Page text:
By Alyssa Abaloz
Garden coordinator Doug Conley and collections and natural areas specialist Carmen Leskoviansky spoke about their work in the peony garden this spring, looking ahead to the 100 Years in Bloom celebration, as well as the next 100 years for the garden.
In 2009, Leskoviansky worked full time in the peony garden. Her tasks ranged widely, from on-the-ground care to hosting tours of the garden to networking with the peony community.  The first meeting of the Peony Advisory Council, a group of peony growers and people from the American Peony Society, was hosted by Leskoviansky and curator David Michener in 2009.
“The biggest priority then was reestablishing the garden as a historic collection. Identifying the peonies that were in the garden, researching and procuring historic cultivars that we wanted to include, and raising awareness of the project we were doing.” Leskoviansky said, when asked what goals fueled past work in the peony garden.
Carmen Leskoviansky tending to a bonsai tree.

Collections and natural areas specialist Carmen Leskoviansky tends to a bonsai tree at a 2018 speaker event.

“Physical work in the peony garden is seasonal,” answered collections and natural areas specialist Leskoviansky, when asked how staff have cared for the garden over the years.
The peony garden’s busy season is now–spring. Staff at MBGNA have ramped up work in the garden to prepare for the herbaceous peonies’ bloom season. Weeding, mulching, edging, “staking peonies that we know will fall over under the weight of their blooms,” Leskoviansky added. 
These tasks are crucial as MBGNA looks forward to welcoming visitors to the 100th bloom of the peony garden. Thankfully, staff, volunteers, and interns have all pitched in to beautify the space.
“For the 2022 gardening season, we have 31 volunteers who put in efforts to weed and care for the peony garden alongside the leadership of Sarah Gizzi, Peony Fellow.” Volunteer coordinator Christine Chessler-Stull said.
Volunteers work in the peony garden all year round–read about UM’s Cross Country team lending their time to the space last fall.
Volunteers working in the peony garden.

Volunteers pose as they cut down the peonies in the fall. Photo: Christine Chessler-Stull.

Peony garden in early spring, plants starting to grow in.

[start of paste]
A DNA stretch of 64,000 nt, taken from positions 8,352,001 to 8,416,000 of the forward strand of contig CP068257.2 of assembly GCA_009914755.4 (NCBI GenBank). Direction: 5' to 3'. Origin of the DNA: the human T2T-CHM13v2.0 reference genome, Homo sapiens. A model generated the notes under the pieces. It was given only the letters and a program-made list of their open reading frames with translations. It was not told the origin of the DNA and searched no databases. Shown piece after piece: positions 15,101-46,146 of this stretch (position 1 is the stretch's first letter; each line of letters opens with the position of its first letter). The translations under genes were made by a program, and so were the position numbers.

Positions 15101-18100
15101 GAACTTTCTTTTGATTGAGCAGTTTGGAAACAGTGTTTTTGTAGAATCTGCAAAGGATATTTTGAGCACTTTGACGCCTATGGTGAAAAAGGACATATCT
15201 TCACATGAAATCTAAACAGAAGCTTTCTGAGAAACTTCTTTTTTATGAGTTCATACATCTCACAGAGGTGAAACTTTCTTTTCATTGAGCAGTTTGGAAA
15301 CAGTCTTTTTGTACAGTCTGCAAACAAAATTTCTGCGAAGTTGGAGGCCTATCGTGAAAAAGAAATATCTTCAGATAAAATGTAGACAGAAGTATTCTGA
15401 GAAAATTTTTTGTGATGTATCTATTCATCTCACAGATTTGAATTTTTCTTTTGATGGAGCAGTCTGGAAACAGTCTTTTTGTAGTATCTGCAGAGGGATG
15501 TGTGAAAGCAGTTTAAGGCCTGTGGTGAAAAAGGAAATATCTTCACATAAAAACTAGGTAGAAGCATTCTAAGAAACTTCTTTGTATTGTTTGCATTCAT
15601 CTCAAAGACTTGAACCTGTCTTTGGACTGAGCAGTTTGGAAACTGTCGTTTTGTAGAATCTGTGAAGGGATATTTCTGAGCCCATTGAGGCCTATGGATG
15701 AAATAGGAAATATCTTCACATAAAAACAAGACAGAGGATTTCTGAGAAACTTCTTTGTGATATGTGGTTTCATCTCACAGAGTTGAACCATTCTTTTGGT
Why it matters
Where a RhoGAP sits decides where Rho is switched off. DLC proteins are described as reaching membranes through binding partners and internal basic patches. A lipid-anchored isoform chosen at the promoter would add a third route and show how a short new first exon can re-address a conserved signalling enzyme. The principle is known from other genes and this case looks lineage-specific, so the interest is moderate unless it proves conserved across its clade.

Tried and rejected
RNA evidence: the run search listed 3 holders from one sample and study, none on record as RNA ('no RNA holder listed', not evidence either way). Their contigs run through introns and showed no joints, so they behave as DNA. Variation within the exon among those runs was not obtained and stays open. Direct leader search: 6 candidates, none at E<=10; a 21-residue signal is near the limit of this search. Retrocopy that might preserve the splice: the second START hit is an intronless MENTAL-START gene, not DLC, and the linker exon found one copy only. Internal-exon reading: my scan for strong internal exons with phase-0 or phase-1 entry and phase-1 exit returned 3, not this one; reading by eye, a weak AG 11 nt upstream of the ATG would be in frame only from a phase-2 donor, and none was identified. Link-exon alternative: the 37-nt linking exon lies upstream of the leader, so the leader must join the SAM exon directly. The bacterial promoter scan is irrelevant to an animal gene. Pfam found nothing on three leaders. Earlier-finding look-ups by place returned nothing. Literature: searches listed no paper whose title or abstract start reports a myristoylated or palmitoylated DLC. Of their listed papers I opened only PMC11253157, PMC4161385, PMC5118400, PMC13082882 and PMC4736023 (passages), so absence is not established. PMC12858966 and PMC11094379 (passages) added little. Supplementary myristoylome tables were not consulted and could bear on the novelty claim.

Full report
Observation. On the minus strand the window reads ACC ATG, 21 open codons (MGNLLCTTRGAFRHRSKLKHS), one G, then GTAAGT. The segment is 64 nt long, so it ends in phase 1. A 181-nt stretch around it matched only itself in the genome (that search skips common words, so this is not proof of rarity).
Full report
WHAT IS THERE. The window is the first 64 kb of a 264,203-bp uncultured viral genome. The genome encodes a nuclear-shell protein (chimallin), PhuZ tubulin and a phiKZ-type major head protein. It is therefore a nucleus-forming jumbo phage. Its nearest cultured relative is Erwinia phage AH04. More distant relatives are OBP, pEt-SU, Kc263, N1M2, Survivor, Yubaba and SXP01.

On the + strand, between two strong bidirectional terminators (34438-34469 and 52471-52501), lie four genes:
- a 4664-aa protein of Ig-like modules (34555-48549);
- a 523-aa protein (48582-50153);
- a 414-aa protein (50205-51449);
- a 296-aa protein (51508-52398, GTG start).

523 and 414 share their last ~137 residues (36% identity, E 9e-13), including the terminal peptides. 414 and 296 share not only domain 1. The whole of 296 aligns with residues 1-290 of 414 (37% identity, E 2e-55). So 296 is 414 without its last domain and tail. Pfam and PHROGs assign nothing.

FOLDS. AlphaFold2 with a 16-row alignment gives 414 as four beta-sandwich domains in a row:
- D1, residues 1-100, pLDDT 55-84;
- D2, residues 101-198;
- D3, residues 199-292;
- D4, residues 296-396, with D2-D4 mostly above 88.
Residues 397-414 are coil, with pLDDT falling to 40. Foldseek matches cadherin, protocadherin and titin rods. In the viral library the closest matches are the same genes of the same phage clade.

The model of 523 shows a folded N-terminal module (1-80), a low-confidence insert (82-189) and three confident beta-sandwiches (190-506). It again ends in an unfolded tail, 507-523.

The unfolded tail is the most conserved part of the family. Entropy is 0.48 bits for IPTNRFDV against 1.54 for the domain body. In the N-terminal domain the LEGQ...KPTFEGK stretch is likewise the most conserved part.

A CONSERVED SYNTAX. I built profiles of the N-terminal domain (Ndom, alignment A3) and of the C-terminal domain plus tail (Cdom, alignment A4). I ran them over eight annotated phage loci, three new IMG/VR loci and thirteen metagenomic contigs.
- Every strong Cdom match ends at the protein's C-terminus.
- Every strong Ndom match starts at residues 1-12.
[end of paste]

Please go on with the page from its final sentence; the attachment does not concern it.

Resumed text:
Spring workday in the peony garden. Photo: Christine Chessler-Stull.

“This celebration is an opportunity for us to engage a lot of people to share a space.” Garden coordinator Conley said. “We’re reflecting on the past as well as imagining what the next 100 years could hold for the peony garden. That’s what is exciting to me–we are seeing how investing in something [like the peony garden] can reap real rewards.”
Conley has been with Matthaei-Nichols since 2018. With over 30 years of experience in public gardens, he brings a seasoned perspective as MBGNA shifts the narrative around the purpose of the peony garden, and natural spaces at large.
“The proximity of the peony garden and Nichols Arboretum is notable. People from UM are using it for research and beauty, but also for their own well-being, for self-care, specifically during the pandemic. It’s a space for people to find nature and connect with nature and themselves.” Conley said.
Doug Conley speaking to volunteers in the conservatory.

Garden coordinator Doug Conley advises two volunteers as they work in the greenhouses.

The peony garden has sat at the Washington Heights entrance to the Arb since its inception in 1922. Adjacent to the CS Mott Children’s Hospital and the University Hospital, Nichols Arboretum offers an accessible immersion into nature for the communities of Ann Arbor.
“It does have this moment when folks gather and it becomes a peak destination. There is an exuberance to the garden…when the peonies pop no one sees anything else.” Conley continued. The peony garden is best enjoyed in the spring and summer, when its lawn as well as the surrounding trails are in bloom. 
Nichols Arboretum Peony Garden
Conley noted his appreciation for tree peonies, when asked about his favorites in the garden.
“I love the big, creamy doubles–Ella Christiansen is my favorite. Sylvia Saunders too–you can’t find it anywhere. Also Le Cygne.” Leskoviansky answered.

Le Cygne peony.


Ella Christinansen.


Sylvia Saunders.

The tree peonies along the ridge of the peony garden are at peak bloom, according to peony fellow Sarah Gizzi. The herbaceous varieties need a week or two–just in time for our 100 Years in Bloom celebration!
Join us June 4th – 5th for a variety of activities, as well as the 100th bloom of the peony garden at Nichols Arboretum!